A tool finding its way nearly everywhere

  • Article by: STEVE ALEXANDER , Star Tribune
  • Updated: February 2, 2008 - 9:47 PM

The popular GPS gadget is changing how many of us navigate our everyday lives.

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Bill Roehl of Apple Valley is a geocaching enthusiast. He said he enjoys the satellite-aided treasure hunts because he gets to see “new places, traveling the state and the country.” hunting. Roehl, an admissions employee at Century College, said he enjoys the satellite aided- treasure hunting to see "new places, traveling the state and the country." He's holding a portable Garmin GPS unit.

Photo: David Joles, Star Tribune

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It's becoming harder to get lost, and in a few years it may be nearly impossible.

For Bill Roehl, 29, of Apple Valley, that day is already here.

He uses his handheld global positioning system -- better known as GPS -- to find restaurants in Minneapolis or to get to his favorite $4 parking lot for Twins games.

"With all the one-way streets in downtown Minneapolis, it's nice not to have to worry about getting there," said Roehl, whose friends find GPS equally valuable for returning to favorite fishing spots or deer-hunting locations.

Like many new technologies, GPS has taken several years to find its way. But with prices dropping, unit sales have skyrocketed, more than tripling last year. GPS uses radio signals from satellites more than 12,000 miles above the Earth to determine a unit's location to within 20 feet, as well as speed, direction and altitude.

The directionally challenged (you know who you are) can consult their GPS units for turn-by-turn advice. Men can indulge their desire not to ask strangers for directions. Hikers can follow GPS directions as if they were a trail of bread crumbs leading back home.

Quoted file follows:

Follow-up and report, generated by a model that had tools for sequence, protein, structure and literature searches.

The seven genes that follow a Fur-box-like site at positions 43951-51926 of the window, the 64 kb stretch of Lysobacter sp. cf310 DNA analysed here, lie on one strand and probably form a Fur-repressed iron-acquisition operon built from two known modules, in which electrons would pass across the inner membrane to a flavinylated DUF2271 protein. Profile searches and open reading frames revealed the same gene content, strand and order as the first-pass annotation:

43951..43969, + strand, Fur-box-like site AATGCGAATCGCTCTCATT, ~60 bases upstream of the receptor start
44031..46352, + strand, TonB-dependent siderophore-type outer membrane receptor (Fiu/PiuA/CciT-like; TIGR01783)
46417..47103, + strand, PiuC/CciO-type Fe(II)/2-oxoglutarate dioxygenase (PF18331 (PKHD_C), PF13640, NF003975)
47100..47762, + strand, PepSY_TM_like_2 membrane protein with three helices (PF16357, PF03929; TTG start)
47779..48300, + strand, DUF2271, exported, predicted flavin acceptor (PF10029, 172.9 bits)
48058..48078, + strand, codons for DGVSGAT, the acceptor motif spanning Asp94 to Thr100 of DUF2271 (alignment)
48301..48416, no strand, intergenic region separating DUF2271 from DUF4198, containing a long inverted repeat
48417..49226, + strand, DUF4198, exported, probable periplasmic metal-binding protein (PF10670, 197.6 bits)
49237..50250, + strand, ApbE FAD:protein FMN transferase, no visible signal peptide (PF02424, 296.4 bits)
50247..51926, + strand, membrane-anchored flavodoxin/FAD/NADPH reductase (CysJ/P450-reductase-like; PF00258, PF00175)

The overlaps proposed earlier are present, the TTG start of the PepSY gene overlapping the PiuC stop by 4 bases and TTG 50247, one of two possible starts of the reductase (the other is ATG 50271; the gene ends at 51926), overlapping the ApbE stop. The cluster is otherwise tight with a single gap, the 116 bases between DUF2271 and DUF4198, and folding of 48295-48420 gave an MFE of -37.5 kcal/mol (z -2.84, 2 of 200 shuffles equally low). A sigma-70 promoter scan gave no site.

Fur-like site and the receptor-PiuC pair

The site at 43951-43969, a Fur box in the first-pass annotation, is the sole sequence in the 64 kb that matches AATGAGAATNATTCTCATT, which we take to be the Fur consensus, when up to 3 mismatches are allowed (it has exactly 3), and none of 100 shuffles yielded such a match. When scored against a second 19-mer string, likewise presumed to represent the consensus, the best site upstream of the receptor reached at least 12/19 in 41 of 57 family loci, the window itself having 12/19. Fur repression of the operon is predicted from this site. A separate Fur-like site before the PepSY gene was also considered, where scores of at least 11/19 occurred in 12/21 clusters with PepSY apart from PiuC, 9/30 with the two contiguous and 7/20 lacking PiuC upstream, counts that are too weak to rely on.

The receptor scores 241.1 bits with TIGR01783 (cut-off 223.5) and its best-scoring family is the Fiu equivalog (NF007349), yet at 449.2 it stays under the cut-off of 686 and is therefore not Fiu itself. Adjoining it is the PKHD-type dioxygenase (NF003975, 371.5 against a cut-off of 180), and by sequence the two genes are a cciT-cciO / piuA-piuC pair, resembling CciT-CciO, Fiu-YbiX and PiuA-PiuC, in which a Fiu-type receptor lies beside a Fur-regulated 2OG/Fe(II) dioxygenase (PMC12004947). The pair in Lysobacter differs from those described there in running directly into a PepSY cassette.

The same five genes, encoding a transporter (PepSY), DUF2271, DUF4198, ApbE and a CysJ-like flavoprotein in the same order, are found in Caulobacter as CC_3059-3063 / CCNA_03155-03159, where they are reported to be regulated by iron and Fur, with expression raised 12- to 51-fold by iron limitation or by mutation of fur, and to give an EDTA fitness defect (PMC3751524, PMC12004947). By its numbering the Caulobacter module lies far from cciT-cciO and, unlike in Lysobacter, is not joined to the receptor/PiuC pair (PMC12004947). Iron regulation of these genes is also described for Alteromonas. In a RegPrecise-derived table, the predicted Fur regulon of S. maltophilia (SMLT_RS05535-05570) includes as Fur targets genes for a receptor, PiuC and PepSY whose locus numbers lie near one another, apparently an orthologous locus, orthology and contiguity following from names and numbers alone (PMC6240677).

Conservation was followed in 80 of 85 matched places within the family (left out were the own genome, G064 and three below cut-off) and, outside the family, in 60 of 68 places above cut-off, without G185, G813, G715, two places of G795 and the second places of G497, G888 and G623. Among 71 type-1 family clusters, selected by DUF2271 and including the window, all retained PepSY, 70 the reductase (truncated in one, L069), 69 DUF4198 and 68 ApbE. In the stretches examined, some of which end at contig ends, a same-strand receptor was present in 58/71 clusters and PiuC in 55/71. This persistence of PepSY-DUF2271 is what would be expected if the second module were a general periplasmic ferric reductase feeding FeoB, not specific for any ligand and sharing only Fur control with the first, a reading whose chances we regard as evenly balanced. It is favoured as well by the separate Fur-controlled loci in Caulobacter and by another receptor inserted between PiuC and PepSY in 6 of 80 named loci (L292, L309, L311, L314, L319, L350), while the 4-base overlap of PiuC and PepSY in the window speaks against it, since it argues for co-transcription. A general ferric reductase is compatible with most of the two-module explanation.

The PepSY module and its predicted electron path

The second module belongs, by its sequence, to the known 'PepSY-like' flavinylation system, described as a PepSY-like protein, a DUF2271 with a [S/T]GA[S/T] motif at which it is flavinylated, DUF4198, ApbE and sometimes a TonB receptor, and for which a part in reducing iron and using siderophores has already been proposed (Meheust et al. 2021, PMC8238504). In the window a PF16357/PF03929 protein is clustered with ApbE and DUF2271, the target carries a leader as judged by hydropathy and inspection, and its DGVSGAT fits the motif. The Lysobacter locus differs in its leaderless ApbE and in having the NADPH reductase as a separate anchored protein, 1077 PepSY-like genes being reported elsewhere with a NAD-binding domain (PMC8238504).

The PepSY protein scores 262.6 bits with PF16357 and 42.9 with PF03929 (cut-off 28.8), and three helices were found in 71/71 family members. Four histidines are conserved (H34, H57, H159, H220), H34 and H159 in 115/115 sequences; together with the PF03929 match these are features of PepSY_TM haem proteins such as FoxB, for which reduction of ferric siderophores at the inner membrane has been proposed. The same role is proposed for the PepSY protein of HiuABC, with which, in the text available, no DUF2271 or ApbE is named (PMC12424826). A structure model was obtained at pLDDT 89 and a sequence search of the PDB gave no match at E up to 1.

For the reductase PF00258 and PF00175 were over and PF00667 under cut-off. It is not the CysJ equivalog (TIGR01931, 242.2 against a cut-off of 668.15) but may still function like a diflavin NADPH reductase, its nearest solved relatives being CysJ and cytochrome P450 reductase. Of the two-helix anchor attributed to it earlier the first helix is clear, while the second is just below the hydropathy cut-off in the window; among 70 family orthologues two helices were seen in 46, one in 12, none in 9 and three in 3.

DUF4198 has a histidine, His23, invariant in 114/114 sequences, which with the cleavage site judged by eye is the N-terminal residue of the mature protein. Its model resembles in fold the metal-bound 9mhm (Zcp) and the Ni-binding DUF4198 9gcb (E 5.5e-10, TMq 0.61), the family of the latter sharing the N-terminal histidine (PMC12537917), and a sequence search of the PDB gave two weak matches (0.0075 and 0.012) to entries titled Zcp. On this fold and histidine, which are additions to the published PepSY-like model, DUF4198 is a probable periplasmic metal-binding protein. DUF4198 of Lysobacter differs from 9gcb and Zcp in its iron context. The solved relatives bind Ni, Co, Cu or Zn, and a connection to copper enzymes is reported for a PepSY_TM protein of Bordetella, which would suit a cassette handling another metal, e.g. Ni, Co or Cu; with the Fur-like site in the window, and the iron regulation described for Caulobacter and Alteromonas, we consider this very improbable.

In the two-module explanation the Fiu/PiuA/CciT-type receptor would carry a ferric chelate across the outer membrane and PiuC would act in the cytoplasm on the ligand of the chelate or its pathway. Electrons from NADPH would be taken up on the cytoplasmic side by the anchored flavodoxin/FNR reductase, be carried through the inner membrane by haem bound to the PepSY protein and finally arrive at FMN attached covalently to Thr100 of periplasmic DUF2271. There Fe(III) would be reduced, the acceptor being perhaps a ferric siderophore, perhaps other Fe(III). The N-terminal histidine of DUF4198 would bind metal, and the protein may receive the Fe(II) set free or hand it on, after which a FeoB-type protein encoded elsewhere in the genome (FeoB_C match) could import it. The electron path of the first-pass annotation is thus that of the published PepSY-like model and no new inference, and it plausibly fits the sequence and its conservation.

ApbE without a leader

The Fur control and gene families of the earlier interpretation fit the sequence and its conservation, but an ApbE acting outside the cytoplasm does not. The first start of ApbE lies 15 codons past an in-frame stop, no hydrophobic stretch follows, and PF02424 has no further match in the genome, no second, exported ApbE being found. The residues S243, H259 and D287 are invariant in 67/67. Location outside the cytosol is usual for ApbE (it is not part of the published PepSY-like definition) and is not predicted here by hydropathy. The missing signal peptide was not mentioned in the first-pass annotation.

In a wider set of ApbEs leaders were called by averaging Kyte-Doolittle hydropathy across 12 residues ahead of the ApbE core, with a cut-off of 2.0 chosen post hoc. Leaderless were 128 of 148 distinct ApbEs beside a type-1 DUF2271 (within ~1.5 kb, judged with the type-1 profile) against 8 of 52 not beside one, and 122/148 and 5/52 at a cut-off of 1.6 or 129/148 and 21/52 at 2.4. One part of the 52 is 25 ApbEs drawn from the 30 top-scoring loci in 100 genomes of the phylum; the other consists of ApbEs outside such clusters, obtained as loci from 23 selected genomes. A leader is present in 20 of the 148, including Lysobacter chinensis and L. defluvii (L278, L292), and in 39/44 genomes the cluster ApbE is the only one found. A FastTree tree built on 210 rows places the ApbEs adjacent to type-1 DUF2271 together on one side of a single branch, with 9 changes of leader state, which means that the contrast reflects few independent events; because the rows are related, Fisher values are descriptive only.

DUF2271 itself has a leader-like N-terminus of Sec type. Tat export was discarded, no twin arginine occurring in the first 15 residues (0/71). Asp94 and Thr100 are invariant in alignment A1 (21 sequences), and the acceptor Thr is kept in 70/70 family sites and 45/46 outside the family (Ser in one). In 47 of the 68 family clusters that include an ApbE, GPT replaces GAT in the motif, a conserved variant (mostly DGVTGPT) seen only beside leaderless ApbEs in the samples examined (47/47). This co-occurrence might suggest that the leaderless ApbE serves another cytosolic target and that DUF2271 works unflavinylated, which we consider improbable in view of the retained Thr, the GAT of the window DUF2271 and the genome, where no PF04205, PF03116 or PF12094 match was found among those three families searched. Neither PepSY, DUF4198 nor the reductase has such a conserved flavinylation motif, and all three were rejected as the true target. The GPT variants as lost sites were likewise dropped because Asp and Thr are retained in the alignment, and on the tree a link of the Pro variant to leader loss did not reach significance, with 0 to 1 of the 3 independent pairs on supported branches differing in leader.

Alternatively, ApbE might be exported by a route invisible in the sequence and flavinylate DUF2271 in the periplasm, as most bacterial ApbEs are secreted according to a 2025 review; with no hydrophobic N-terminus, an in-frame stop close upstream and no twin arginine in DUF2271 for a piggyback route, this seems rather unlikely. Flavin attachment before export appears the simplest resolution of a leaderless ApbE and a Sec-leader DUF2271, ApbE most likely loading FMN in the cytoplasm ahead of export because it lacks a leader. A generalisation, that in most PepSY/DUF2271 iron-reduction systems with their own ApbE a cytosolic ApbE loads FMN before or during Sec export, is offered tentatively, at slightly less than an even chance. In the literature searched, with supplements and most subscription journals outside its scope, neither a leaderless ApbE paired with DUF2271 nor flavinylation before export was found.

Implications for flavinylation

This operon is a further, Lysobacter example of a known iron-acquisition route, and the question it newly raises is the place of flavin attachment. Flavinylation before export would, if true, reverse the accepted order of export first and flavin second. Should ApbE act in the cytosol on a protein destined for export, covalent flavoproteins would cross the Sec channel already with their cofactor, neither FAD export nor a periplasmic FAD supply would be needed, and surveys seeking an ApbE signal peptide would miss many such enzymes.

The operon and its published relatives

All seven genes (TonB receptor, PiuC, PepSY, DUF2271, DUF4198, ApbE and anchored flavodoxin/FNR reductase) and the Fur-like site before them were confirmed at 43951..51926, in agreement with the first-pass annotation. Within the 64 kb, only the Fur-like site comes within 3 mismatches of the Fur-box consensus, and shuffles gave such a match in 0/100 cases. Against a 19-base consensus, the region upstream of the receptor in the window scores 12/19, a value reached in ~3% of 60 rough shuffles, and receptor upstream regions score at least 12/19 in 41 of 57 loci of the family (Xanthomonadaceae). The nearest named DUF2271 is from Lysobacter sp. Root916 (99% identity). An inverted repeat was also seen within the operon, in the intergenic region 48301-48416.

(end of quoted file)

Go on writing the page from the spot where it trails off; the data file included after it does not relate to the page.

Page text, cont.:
Greg Secaur talks to his unit, dictating street names he's trying to find. "The GPS then tells me where to turn," the 35-year-old Minneapolis resident said. "That was a big selling point for me, because I don't want to have to look at a map while driving."

GPS even has its own sport, called geocaching, in which an item is hidden in a public place and competitors must find it only by its coordinates. The coordinates are posted on websites, such as this one at the Minnesota Geocaching Association (www.startribune.com/a3945) -- but you must log in to get the coordinates. Players then find the spot and discover the cache, hanging from a tree branch or hidden behind a rock, then sign a logbook to show they found the spot. There is prestige, but no reward, in being the first to find an item.

The association has about 500 members, said Roehl, a former board member. There are about 6,700 geocache hiding spots in Minnesota, and the sport is so popular that new geocaches typically are found by someone within 15 minutes, he said.

Still those kinks

Obviously the surging sales are about more than games. The average price dropped 46 percent last year, to $286, from $530 in 2006, according to the NPD Group, a New York-based retail sales tracking service. Retail sales last year (not including cell phones or factory-installed vehicle units) rose 134 percent, to $1.6 billion, making GPS the sixth-largest category of consumer electronics.